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A regional security intervention in Nigeria sparks ethnic, political tensions

Newly deployed Nigerian Formed Police Unit (FPU) personnel under the African Union Mission in Somalia (AMISOM) disembark the plane at Aden Abdulleh International Airport, Mogadishu, Somalia, January 6, 2016. AMISOM Photo / Ilyas Ahmed (CC0 1.0)

The state governments of southwest Nigeria have launched Operation Amotekun, a self-help intervention designed to fight back against a recent spike in insecurity in the region, pitting these regional governments against the central government.

A spike in kidnappings and killings across southwest Nigeria has caused alarm and fear among citizens.

Logo of Amotekun.

The Western Nigeria Security Network, codenamed Operation Amotekun (meaning “leopard” in Yorùbá), was launched by the states of Lagos, Oyo, Osun, Ekiti, Ondo and Ogun, on January 9, in Ibadan, the capital city of Oyo State, Nigeria.

Kayode Fayemi, Ekiti State governor, explained Amotekun as a “community security” outfit that will “complement the efforts” of police.

The regional security initiative is only a “response to a problem” while the Nigerian police actualize a national “community policing strategy”.

Hence, Amotekun is “a confidence-boosting strategy” for southwest residents.

Nigeria's police chief, Mohammed Adamu, “is not opposed” to Operation Amotekun or “any legitimate and community-based efforts” that aims in fighting crime in any part of the country — as long as these efforts conform to Nigeria's “national security policy,” reports Nigerian newspaper, the Daily Trust.

But the federal government, on January 14, declared Amotekun an illegal security organisation.

Abubakar Malami, Nigeria's Attorney-General and Minister of Justice, said that the establishment of Amotekun “runs contrary to the provisions of the Nigerian law.” Malami maintained that the security of the nation is a constitutionally exclusive preserve of the central government. Consequently, “no state government, whether singly or in a group,” is legally allowed to “establish any form of organisation or agency for the defence of Nigeria or any of its constituent parts.” Maintaining “law and order,” according to the justice minister, is the duty of the police and other security agencies as prescribed in “Item 45 of the second schedule of the 1999 constitution of the Federal Republic of Nigeria.”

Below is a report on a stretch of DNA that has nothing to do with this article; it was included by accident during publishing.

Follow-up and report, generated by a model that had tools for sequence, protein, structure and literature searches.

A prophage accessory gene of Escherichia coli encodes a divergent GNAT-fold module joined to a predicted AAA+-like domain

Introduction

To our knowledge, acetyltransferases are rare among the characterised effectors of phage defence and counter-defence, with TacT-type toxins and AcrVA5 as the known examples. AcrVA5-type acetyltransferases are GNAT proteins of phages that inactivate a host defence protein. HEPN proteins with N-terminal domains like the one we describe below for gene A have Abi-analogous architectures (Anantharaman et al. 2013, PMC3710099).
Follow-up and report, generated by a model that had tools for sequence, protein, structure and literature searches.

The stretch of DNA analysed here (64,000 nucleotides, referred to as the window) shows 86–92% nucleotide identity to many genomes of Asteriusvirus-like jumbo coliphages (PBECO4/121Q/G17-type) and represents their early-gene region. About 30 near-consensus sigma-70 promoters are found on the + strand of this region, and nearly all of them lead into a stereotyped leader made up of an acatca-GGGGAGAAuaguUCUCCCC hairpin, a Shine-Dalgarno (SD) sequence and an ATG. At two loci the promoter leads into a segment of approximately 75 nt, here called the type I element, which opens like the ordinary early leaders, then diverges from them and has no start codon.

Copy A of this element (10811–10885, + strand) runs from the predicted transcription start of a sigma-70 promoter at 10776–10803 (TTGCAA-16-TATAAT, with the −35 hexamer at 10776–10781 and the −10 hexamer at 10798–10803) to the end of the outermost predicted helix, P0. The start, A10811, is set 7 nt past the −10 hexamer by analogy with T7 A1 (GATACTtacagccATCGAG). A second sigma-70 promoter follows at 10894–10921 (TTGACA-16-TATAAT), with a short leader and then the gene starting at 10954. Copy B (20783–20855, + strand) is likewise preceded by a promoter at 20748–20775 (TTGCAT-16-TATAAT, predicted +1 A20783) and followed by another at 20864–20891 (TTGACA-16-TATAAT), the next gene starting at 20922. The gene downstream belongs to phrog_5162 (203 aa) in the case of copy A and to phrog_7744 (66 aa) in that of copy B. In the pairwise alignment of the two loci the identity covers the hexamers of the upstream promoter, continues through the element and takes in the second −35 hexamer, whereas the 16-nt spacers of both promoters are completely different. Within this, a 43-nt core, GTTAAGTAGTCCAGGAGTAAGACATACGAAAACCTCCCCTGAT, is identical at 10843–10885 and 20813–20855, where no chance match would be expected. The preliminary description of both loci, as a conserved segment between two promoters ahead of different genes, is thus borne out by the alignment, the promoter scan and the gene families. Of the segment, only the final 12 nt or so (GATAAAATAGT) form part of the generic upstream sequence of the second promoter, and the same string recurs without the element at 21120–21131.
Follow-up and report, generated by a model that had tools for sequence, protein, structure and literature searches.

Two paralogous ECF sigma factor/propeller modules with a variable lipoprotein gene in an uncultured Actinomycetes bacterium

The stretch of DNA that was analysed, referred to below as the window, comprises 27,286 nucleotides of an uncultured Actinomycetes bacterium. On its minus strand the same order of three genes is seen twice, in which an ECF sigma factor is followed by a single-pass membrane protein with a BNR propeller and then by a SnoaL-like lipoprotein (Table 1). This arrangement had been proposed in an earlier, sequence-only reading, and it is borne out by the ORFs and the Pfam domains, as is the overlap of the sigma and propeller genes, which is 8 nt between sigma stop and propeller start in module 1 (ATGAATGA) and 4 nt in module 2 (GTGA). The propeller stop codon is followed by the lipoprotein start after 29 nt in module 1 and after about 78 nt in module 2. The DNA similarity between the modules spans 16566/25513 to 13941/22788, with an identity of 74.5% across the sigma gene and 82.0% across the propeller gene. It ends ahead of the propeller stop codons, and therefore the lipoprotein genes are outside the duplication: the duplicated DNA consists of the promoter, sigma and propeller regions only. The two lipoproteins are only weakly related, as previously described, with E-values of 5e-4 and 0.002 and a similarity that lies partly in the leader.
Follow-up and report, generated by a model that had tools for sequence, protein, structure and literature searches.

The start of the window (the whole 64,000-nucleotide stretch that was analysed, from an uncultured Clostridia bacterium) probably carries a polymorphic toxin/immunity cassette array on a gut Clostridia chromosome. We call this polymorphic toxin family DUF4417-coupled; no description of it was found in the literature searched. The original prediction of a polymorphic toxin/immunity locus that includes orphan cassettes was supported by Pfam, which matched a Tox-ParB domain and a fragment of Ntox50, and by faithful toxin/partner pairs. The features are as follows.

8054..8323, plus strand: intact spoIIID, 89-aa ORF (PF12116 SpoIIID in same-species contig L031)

‘Go to court or go back to sleep!’

Afe Babalola, a Senior Advocate of Nigeria, described Malami's declaration as an “unlawful pronouncement.” Babalola stated that the minister of justice went “overboard dishing out judgment on issues of such nature as if he were a law court. He continued:

Amotekun had been launched, let them go on. Anybody that feels what they have done is wrong can go to court.

Wole Soyinka, 1986 winner of the Nobel Prize in Literature, lamented that the federal government who “have been sleeping all this time taking belated actions, watching the people being decimated” seem to have suddenly found their voice. “They should go back to sleep. Amotekun has come to stay,” Soyinka insisted.

Political mistrust along ethnic lines

Southwest governors at the launch of Operation Amotekun in Ibadan. Image from Ekiti Government Website

Political mistrust along ethnic lines runs deep in Nigeria.

Amotekun, an initiative of six southwest states, is being interpreted as a militia of the Yorùbá nation.

Chief Gani Abiodun Ige, the 15th Aare Ona Kakanfo of Yorùbáland described Amotekun as an intervention “to defend our people” in a public letter addressed to the justice minister. In the old Oyo Empire, the Aare Ona Kakanfo is the supreme military commander that “lead battles, fight wars, mobilize, train soldiers and conquer the enemies.” Today, the Aare Ona Kakanfo is a ceremonial title but still commands respect.